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November 21, 2014

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First winter in Las Vegas? Dress in layers, drink up and …

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Christopher DeVargas

The crowd watches as fireworks fill the sky during the midnight New Year’s Eve celebration on The Strip, Monday, Dec. 31, 2012.

Jimmy Kimmel taunts L.A. newscasters

Earlier this month, talk-show host Jimmy Kimmel taunted Los Angeles newscasters for their panic over 50-degree weather, and that’s with good reason: Having grown up in Las Vegas, he knows what real cold is.

We might not experience regular snowstorms, but outsiders forget that this famously sunny city gets about as cold in the winter as it does hot in the summer.

For newcomers planning to arrive with a suitcase of Bermudas and flip-flops, save yourself the rude awakening and peruse these expert tips to get the most out of Las Vegas’ unique winters:

    • Dress in layers

      The arid landscape of the Las Vegas Valley is capricious, prone to double-digit temperature changes over the course of a winter day as the sun warms freezing mornings into temperate afternoons — only to surprise you come nightfall with chilling winds or a rainstorm.

      If you’re new to town, start dressing in layers so that you’re always prepared, and be aware of your surroundings when you go out, lest you learn the hard way not to stand downwind of the Bellagio Fountains when it’s 30 degrees outside.

    • Grouchy Johns' San Francisco Latte -- they left their heart it in. Get it?

      Drink (and warm) up

      The Strip is a culinary Mecca, and warm drinks are no exception. From traditional hot cocoas to boozy concoctions, Las Vegas does warm-winter beverages in decadent style. Hot chocolate enthusiasts should make a point of stopping by Max Brenner’s at the Forum Shops at Caesars Palace, which features an entire hot chocolate menu of classic and exotic takes (salted caramel cocoa, anyone?) on the winter favorite.

      If you like things a bit lighter, the Tea Lounge at Mandarin Oriental offers a range of exotic teas from around the world, as well as a daily classic English afternoon tea service. Those looking for a stiffer way to warm up should check out the bar at the Cosmopolitan’s ice rink, which features curated winter cocktails such as its signature Campfire Delight, made with Van Gogh Dutch Chocolate Vodka, creme de cacao, Rumchata and marshmallow.

      Off the Strip, Boca Park’s Sambalatte offers an indulgent variety of coffee drinks and pastries guaranteed to help you shake off the chill.

    • Warm up your plants

      If you’ve driven through McCarran Airport on a chilly winter day, you’ve probably noticed the towering saguaro cacti covered in burlap sacks. Think of them like sweaters — much like the heat, extreme cold can damage even the heartiest desert foliage. While most species native to the Mojave Desert will recover come warmer months, those like saguaros require extra care to survive the colder months.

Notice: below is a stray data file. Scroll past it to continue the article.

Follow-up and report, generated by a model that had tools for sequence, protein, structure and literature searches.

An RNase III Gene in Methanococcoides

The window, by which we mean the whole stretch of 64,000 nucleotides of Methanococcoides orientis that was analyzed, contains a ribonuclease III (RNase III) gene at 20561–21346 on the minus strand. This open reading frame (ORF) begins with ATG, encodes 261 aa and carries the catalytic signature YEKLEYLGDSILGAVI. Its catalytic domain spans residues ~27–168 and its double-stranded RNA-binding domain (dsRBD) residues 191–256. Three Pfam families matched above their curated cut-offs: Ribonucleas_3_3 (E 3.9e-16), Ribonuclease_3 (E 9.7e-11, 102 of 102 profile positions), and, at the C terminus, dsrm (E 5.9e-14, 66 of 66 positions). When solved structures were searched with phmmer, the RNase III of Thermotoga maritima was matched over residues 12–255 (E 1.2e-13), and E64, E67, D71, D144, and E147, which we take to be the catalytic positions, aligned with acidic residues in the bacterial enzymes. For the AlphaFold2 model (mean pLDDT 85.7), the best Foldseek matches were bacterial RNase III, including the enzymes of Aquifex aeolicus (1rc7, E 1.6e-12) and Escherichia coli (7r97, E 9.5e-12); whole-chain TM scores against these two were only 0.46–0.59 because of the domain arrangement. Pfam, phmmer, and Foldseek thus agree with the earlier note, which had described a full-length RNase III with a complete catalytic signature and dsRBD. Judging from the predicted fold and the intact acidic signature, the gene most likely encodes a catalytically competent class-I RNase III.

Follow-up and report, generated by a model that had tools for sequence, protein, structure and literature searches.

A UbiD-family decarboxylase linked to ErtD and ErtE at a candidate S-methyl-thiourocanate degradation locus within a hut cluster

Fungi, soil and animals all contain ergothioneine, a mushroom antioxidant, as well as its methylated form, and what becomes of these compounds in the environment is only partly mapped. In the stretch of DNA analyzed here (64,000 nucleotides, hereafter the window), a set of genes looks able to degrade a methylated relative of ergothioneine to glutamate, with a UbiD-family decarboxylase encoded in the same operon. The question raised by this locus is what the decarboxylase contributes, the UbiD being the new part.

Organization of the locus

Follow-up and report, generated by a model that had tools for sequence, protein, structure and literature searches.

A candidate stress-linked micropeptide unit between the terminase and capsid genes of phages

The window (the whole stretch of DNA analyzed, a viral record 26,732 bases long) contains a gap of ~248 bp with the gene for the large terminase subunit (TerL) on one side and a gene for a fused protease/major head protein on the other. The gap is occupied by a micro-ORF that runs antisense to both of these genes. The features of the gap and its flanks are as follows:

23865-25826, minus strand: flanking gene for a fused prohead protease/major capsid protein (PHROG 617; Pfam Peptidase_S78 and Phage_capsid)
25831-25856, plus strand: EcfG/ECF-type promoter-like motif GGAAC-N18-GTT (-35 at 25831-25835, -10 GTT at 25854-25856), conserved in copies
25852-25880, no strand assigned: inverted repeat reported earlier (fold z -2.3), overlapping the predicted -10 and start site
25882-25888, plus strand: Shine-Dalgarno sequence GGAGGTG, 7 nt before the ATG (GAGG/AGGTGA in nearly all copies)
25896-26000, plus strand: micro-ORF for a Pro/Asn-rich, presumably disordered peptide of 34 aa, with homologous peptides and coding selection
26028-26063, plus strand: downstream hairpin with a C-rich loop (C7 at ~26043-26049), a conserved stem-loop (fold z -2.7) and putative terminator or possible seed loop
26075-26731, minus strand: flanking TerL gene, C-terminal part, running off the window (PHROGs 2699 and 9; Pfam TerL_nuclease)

Norm Schilling, owner of Schilling Horticulture Group and former horticulture supervisor at UNLV, recommends insulating outdoor plans with fallen leaves or covering them with burlap, tarps, trashcans or newspaper once temperatures drop below freezing.

      “Those coverings keep the plant about three or four degrees warmer than it is outside. It’s not a huge difference, but it can make a big difference in the life and death of a plant,” Schilling says.

      Larger plants like cold-sensitive trees can be wrapped in Christmas lights with incandescent bulbs to stave off the cold. Schilling also recommends letting desert-style plants like acacias and Palo Verdes go dry in the winter to improve cold hardiness.

    • Clark County firefighters, outfitted in special clothing, douse a beehive with foam Sunday, Oct. 28, 2012, near Nellis Air Base. A group of children had disturbed the hive, housed in a sprinkler box, causing the bees to start attacking the children.

      Don’t cancel your pest control

      Winter might seem like a reprieve from bed bugs, roaches and scorpions that plague households across the Valley, but don’t be fooled: Just because you don’t see them doesn’t mean they’re not there. Pests tend to go dormant in the winter, avoiding the harsh climate while their eggs lay waiting to hatch.

      Local pest controllers, such as Greenway Pest Services, warn that bringing houseplants inside in the winter also can bring along some unwanted guests who will love the warmth of your house, including soil-dwelling insects like ants and earwigs who can be tricky to spot or remove.

      They recommend continuing pest-control services in cooler months and getting a “winterization” treatment to identify openings to eliminate entry and create a barrier that will keep bugs out and kill eggs and pests that might already be in the home.

    • Enjoy the festivities

      We may not have any snow this season (yet), but there are plenty of festivities in town to help you get in the winter spirit. From ice skating at the Cosmopolitan, Caesars Palace and the Venetian to holiday displays at the Bellagio Conservatory to Ethel M’s famous lights, Las Vegas offers dozens of reasons to enjoy going out in the cold. Check out our 2013 Holiday Events Guide for a list of ideas.

    Follow Andrea Domanick on Twitter at @AndreaDomanick and fan her on Facebook at Facebook.com/AndreaDomanick.

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